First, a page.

• It sounds as if your goat is set in his ways. You don’t mention whether he is intact or wethered (castrated) but it is not unusual for intact male goats to be very territorial. Giving him a smaller, younger goat as a companion was the perfect recipe to start him bullying. Sadly, I think it would be best if you found a new home for the smaller goat and let your mature male goat go back to being a companion for your dogs. It sounds as if he grew up without goat companionship, and he will probably be fine continuing without it.

      Reply
  3. I have two male goats that have found sport in ramming the dogs. Head butted and ran over our 10wk old puppy yesterday. They wait for a chance to strike and aggressively go after the dogs. Any hope at stopping this behavior. Don’t want to get rid of them, but my dogs come first. Thanks.

    Reply
    • Thanks for your question, Curtis.

      You are really best off keeping your goats in a separate pen that the dogs cannot access. It’s especially important to keep baby animals (e.g. a ten week old puppy) away from livestock. It’s far to easy for accidents to happen.

      Goats are notoriously full of mischief, especially intact males. If your two males are not already castrated, you should take care of that ASAP. Intact male goats are aggressive and smelly, and it won’t be long before they begin fighting each other and aggressing toward people.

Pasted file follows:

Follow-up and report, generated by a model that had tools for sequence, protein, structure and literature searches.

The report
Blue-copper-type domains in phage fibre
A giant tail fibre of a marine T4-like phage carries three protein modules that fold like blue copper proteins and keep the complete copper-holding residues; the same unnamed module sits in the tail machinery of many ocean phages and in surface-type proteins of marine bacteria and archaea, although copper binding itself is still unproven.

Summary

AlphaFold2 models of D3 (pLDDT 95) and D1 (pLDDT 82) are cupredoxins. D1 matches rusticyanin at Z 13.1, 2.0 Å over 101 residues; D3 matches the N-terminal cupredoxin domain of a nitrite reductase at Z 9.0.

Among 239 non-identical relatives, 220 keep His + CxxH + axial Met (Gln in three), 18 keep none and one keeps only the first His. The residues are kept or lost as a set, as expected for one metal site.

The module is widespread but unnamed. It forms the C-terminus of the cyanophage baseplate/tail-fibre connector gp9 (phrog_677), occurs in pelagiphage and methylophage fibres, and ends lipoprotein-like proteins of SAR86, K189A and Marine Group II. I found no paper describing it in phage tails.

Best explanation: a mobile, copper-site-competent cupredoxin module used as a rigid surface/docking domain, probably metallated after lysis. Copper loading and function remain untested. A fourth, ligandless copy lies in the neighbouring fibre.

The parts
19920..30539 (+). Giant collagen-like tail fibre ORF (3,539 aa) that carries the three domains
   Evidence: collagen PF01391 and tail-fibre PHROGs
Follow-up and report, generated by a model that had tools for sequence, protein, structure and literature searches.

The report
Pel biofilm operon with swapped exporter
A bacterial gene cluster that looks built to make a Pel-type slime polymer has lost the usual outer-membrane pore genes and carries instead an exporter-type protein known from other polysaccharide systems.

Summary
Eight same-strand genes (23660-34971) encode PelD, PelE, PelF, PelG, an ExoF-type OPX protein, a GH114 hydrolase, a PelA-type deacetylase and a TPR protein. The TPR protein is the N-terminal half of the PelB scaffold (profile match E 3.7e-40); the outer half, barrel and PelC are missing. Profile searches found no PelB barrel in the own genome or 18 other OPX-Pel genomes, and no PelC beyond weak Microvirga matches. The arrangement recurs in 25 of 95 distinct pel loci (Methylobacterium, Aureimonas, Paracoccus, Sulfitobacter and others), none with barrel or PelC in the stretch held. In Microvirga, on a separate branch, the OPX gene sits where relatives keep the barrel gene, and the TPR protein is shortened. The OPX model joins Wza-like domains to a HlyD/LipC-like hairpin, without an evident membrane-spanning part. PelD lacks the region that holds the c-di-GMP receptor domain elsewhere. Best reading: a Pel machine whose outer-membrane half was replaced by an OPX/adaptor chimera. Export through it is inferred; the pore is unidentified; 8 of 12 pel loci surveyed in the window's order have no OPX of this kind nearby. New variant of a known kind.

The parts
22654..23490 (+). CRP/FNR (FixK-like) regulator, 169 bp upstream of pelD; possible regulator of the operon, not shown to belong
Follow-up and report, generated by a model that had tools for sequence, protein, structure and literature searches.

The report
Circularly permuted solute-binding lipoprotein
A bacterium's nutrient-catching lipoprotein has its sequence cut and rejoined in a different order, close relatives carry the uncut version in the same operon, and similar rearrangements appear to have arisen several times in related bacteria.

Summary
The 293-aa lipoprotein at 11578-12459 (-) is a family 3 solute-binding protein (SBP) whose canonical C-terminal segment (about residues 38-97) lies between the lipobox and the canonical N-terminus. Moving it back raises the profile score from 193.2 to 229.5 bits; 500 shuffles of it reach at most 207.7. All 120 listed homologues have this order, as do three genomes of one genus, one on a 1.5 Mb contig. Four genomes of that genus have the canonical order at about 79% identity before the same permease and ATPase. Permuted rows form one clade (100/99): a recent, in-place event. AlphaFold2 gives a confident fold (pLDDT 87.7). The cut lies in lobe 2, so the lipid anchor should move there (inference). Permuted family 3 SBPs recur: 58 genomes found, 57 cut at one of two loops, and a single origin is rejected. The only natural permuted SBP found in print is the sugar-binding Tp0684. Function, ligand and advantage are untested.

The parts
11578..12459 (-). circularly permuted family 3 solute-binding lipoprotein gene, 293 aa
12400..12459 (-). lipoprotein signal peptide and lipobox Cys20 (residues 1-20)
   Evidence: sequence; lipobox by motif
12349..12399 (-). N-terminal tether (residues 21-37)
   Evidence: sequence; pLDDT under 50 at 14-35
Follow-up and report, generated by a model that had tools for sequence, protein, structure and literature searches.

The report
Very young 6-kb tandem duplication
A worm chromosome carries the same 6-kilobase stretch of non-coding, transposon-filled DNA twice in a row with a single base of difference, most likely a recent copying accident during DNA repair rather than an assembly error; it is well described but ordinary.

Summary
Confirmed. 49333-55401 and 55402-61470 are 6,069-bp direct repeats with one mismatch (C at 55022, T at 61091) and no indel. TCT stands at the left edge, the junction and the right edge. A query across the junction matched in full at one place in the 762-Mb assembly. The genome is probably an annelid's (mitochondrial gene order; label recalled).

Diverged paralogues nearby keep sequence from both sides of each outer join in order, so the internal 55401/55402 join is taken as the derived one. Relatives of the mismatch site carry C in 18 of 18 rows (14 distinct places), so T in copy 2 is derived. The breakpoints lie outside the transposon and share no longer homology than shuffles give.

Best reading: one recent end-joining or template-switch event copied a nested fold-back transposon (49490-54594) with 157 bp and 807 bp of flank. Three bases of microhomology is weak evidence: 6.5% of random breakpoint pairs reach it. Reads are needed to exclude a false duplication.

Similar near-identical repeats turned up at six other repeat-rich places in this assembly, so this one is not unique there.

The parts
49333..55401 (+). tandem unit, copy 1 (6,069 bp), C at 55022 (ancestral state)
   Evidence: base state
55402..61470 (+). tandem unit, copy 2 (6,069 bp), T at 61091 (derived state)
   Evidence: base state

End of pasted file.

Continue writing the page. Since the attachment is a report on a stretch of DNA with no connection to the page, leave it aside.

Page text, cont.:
Reply
  4. Hi! We recently had a goat “move-in” to our horse farm. We have lots of small children around and a few dogs as well. The goat is usually a companion goat to her horse. However, sometime they let her out (or she lets herself out) of her pasture to play with a dog or just to roam around. Lately she has gotten very needy(?) towards people though. Pawing, pushing against, and sometimes head butting. I don’t know if she thinks we are playing like she does with the dog, or if she’s being aggressive. My concern is that she’s going to do this to a small child and really hurt them. What do you suggest we do to nip this behavior in the bud? Thank you!

    Reply
    • Thank you for your question, Leigh.

      Just as with people, with goats, good fences make good neighbors. If the goat is supposed to be a companion to a horse, steps should be taken to improve fencing so the goat cannot get out and stays with the horse. This is as much for the goat’s safety as the safety of others.